The presence of a teacher aide in a regular class benefited students
but not as much as the small class condition. Students in second grade
small classes continued to outperform students in regular and
regular/aide classes on all tests. Differences between students in
regular and regular/aide classes were not significant. By grade three,
the pattern of results established in kindergarten had become firmly
fixed. A strong class-size effect was evident in all school locations
(urban, rural, inner-city, and suburban) and for all students. The
absence of a statistically significant teacher aide effect was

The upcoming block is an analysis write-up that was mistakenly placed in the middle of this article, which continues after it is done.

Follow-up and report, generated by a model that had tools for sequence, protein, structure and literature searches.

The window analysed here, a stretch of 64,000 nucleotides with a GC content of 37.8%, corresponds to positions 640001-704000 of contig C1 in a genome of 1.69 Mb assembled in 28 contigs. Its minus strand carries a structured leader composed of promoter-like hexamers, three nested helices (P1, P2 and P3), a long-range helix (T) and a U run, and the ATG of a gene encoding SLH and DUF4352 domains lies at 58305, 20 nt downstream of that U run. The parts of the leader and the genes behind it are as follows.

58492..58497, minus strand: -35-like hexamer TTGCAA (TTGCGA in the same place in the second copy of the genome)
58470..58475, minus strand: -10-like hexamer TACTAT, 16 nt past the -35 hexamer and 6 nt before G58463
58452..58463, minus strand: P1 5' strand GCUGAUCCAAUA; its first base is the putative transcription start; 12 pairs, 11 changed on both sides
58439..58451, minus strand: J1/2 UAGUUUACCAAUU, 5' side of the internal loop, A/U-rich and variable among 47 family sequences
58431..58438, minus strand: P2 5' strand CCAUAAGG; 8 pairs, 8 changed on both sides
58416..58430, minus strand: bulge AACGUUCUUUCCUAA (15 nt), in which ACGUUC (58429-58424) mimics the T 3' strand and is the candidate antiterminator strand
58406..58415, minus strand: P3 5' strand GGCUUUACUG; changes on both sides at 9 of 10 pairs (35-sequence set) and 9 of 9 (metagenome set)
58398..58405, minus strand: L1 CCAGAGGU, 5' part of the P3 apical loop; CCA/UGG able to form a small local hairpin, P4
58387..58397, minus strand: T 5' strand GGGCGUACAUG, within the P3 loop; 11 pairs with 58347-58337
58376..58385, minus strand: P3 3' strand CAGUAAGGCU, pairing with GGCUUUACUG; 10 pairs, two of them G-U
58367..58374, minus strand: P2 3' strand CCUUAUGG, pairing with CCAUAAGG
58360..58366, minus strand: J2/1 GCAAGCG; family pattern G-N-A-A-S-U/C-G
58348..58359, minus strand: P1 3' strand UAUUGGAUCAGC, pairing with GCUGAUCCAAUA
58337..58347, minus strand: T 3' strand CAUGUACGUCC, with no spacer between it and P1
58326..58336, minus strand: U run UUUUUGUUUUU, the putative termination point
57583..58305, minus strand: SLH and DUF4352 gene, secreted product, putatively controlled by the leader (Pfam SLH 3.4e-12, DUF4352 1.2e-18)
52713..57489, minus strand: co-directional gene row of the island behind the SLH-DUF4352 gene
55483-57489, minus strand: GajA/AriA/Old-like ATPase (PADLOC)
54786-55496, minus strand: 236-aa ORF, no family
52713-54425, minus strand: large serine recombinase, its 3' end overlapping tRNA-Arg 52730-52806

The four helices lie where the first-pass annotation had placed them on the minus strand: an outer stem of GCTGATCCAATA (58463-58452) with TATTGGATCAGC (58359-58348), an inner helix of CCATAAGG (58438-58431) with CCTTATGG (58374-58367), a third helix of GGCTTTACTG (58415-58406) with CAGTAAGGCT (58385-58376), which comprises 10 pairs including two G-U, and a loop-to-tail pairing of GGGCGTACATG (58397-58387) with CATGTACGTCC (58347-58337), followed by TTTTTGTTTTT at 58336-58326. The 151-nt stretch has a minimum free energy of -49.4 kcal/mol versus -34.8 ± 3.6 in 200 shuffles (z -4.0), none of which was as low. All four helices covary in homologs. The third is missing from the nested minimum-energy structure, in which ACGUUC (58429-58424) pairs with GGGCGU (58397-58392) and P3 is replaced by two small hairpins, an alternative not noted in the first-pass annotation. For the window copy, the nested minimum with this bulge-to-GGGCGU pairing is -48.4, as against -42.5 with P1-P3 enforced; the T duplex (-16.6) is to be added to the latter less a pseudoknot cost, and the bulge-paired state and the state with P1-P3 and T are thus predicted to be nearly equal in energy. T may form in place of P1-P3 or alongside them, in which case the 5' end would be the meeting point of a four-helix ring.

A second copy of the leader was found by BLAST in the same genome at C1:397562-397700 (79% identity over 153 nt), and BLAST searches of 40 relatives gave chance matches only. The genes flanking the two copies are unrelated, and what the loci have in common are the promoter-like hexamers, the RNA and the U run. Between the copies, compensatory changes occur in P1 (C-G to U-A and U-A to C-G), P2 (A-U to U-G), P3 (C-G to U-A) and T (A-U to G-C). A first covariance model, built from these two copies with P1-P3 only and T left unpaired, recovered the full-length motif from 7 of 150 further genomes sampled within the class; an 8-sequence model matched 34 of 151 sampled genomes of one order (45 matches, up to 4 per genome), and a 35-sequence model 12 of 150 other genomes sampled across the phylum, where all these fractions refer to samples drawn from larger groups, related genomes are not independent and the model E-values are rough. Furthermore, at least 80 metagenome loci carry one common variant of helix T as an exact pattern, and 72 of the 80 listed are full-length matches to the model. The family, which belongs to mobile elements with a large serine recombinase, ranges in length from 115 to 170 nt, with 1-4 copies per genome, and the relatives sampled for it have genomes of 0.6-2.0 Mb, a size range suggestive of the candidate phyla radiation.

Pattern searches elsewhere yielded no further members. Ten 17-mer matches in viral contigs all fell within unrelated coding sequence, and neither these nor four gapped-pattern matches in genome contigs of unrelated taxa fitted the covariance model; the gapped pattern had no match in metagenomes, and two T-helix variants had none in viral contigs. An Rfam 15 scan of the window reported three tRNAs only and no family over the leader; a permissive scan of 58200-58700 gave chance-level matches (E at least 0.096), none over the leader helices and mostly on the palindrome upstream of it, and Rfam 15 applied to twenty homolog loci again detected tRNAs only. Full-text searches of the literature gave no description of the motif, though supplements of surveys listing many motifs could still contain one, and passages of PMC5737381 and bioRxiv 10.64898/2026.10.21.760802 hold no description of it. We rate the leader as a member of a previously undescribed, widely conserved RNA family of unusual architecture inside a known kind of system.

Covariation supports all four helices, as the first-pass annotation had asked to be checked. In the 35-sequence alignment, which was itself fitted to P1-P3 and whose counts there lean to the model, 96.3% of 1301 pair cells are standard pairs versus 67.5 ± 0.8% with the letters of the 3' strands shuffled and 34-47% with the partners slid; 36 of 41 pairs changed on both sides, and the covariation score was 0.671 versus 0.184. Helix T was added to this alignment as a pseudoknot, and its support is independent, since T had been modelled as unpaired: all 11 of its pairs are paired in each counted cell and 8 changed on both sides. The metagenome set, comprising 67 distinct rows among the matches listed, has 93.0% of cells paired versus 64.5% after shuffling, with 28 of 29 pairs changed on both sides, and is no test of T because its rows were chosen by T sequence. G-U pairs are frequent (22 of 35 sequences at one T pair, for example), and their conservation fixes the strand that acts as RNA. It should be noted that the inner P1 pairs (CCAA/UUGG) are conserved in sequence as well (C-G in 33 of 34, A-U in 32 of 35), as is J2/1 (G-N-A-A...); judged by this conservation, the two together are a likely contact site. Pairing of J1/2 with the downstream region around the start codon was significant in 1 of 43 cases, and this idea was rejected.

consistent (Word, et al., pp. 10-13).
Several other findings were relevant:
- The only consistent positive effect in regular classes with a
full-time aide occurred in first grade.
- Teachers reported that they preferred small classes in order to
identify student needs and to provide more individual attention, as
well as to cover more materials.
- The importance of the economic background of students was
underscored by the finding that, in every situation, those students
who were not economically eligible for the free lunch program always
outperformed those students who were in the free lunch program
(Pate-Bain, et al., p.254).
The achievement benefits of small class size were cumulative. The
top achieving STAR classes in the study were categorized by class type
each year.That is, in the first year 55% of the "top classes"
were small classes (13-17 students). By the time these students